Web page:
But Jesus’ words here about bearing witness also apply to all Christians. Paul writes to the Romans, The word is near you, in your mouth and in your heart” (that is, the word of faith which we preach): 9 that if you confess with your mouth the Lord Jesus and believe in your heart that God has raised Him from the dead, you will be saved. 10 For with the heart one believes unto righteousness, and with the mouth confession is made unto salvation.
It’s not enough to believe in your heart. You must also confess with your mouth. Or to put it another way, true faith in the heart cannot exist together with silence about Christ. True faith in the heart cannot help but confess Him before men. That doesn’t mean everyone preaches. It certainly doesn’t mean anyone gets up in church to give a moving testimonial. It means that in your vocations, you Christians bear witness about Christ with your mouth. Godly mothers bear witness about Christ to their children—as do godly fathers, of course. Children with their friends and classmates. Workers with their coworkers, neighbors with their neighbors, as God gives opportunity. The confession of faith is everything we believe about God as revealed in His Holy Word, from the six-day creation of the universe to God’s institution of holy matrimony, to the doctrine of the Holy Trinity to the doctrine of the Real Presence of Christ’s body and blood in the Holy Sacrament. But it can also be as simple as confessing that Jesus is the Son of God, that Jesus died for our sins and rose again, that we’re saved by faith alone in Christ alone.
You’d think that confession would be harmless enough and even pleasant for all men to hear. But the reality is, that confession stirs up the hatred of the devil and men and will turn those who confess it into targets.
These things I have spoken to you, that you should not be made to stumble. 2 They will put you out of the synagogues; yes, the time is coming that whoever kills you will think that he offers God service. 3 And these things they will do to you because they have not known the Father nor Me.
The confession of the Christian faith is intolerant, that is, it does not tolerate any other “truth” to stand except for the Truth as taught in Holy Scripture. It does not tolerate any other confession but that of the Holy, Catholic and Apostolic Church. That means that, in a world that values tolerance about all things, the Christian faith has to be the most hateful thing of all. It doesn’t allow men the luxury of worshiping their own gods. It condemns as sinful everything that doesn’t flow from faith in the one true God who is Father, Son and Holy Spirit.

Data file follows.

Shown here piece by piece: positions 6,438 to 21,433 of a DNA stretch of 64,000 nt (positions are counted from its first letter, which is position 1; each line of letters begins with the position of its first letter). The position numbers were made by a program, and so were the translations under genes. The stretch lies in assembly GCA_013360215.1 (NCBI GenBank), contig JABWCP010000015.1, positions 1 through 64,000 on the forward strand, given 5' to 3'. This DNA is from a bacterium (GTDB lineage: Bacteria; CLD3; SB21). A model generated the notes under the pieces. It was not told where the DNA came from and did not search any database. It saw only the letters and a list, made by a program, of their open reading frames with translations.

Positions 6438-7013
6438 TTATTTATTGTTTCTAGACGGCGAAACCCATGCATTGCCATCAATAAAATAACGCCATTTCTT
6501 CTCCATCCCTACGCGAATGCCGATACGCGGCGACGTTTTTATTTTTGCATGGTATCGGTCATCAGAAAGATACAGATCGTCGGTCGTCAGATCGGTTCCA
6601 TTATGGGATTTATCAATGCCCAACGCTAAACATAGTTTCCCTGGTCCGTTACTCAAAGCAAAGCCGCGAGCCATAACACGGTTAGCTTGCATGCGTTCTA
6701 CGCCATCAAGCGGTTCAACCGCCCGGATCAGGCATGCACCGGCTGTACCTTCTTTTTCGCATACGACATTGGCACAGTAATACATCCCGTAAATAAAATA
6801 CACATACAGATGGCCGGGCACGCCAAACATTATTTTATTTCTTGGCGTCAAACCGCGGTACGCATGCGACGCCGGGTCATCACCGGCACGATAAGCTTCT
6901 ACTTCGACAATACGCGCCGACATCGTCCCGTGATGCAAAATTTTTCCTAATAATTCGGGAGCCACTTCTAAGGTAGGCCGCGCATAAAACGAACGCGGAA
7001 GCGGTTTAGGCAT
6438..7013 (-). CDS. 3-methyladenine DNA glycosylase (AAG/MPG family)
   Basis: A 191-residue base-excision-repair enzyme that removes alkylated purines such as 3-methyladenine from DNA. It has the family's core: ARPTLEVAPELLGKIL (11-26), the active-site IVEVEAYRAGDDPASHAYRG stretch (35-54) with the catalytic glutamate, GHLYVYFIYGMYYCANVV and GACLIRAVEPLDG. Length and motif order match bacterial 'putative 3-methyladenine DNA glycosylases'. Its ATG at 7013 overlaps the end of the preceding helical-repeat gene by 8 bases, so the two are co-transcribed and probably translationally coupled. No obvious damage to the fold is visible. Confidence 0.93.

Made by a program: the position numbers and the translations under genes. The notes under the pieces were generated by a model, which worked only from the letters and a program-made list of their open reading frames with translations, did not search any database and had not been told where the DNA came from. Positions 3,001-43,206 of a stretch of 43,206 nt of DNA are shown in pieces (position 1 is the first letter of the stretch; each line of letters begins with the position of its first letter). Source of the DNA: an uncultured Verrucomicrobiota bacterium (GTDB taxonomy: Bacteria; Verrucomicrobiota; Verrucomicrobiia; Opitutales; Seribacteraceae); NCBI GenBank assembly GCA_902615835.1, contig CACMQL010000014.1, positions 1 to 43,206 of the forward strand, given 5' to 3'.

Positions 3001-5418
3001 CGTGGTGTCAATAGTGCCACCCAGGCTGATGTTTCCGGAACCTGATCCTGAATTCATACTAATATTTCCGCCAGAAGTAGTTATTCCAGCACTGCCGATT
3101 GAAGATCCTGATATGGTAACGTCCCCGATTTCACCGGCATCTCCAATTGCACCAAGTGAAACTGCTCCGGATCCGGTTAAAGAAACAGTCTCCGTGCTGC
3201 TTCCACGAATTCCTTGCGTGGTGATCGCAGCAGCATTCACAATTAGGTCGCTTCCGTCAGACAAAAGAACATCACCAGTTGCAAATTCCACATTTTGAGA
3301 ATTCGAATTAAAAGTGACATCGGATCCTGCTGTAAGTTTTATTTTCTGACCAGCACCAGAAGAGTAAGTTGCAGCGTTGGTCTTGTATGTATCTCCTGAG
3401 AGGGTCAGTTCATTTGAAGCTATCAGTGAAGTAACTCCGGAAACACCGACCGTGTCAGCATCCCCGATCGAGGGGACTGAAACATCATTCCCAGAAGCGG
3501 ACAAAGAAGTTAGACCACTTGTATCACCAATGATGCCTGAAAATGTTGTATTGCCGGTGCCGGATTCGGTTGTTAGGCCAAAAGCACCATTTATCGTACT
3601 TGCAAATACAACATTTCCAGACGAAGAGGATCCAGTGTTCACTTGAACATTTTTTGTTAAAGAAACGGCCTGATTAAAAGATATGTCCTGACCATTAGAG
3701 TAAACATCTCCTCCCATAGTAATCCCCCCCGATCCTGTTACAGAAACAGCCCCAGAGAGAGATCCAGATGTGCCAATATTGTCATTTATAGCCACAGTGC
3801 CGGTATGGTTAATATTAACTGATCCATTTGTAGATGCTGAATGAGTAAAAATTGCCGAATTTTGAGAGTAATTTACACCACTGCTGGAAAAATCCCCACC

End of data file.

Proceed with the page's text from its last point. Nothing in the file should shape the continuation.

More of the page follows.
That doesn’t mean we force our confession on anyone or use force of any kind to make people believe or to make people obey the will of God. The confession of the Christian faith is entirely a matter of words and preaching. But Jesus teaches us to expect to be hated, persecuted, and even killed for our words, and history has not proven Him wrong.
That includes being hated and persecuted by atheists, but, as Jesus says, it also includes being hated and persecuted by those who think they are serving God in the process, whether by the synagogues of the first century or by the “Christian” churches of the 16th century or the 21st century. We live in the times of the great apostasy, the great falling away of the majority of Christians, so that those who claim to be believers in Christ may be the very ones who condemn and persecute the steadfast confessors of the faith with the most vitriol. The heaviest cross may be imposed by those who are supposed to be on our side.
But see, this shouldn’t surprise us. Jesus told us ahead of time. But these things I have told you, that when the time comes, you may remember that I told you of them. Jesus has not tricked us into believing in Him or confessing His name before men. He has been completely honest with us about how hard it will be. But that means He also has a plan to help us and rescue us from this wicked world.
That brings us right back to the Helper, the Holy Spirit. He will help us to keep believing, to keep confessing, and to bear up under the cross. And if God is for us, who can be against us? In the name of Jesus. Amen.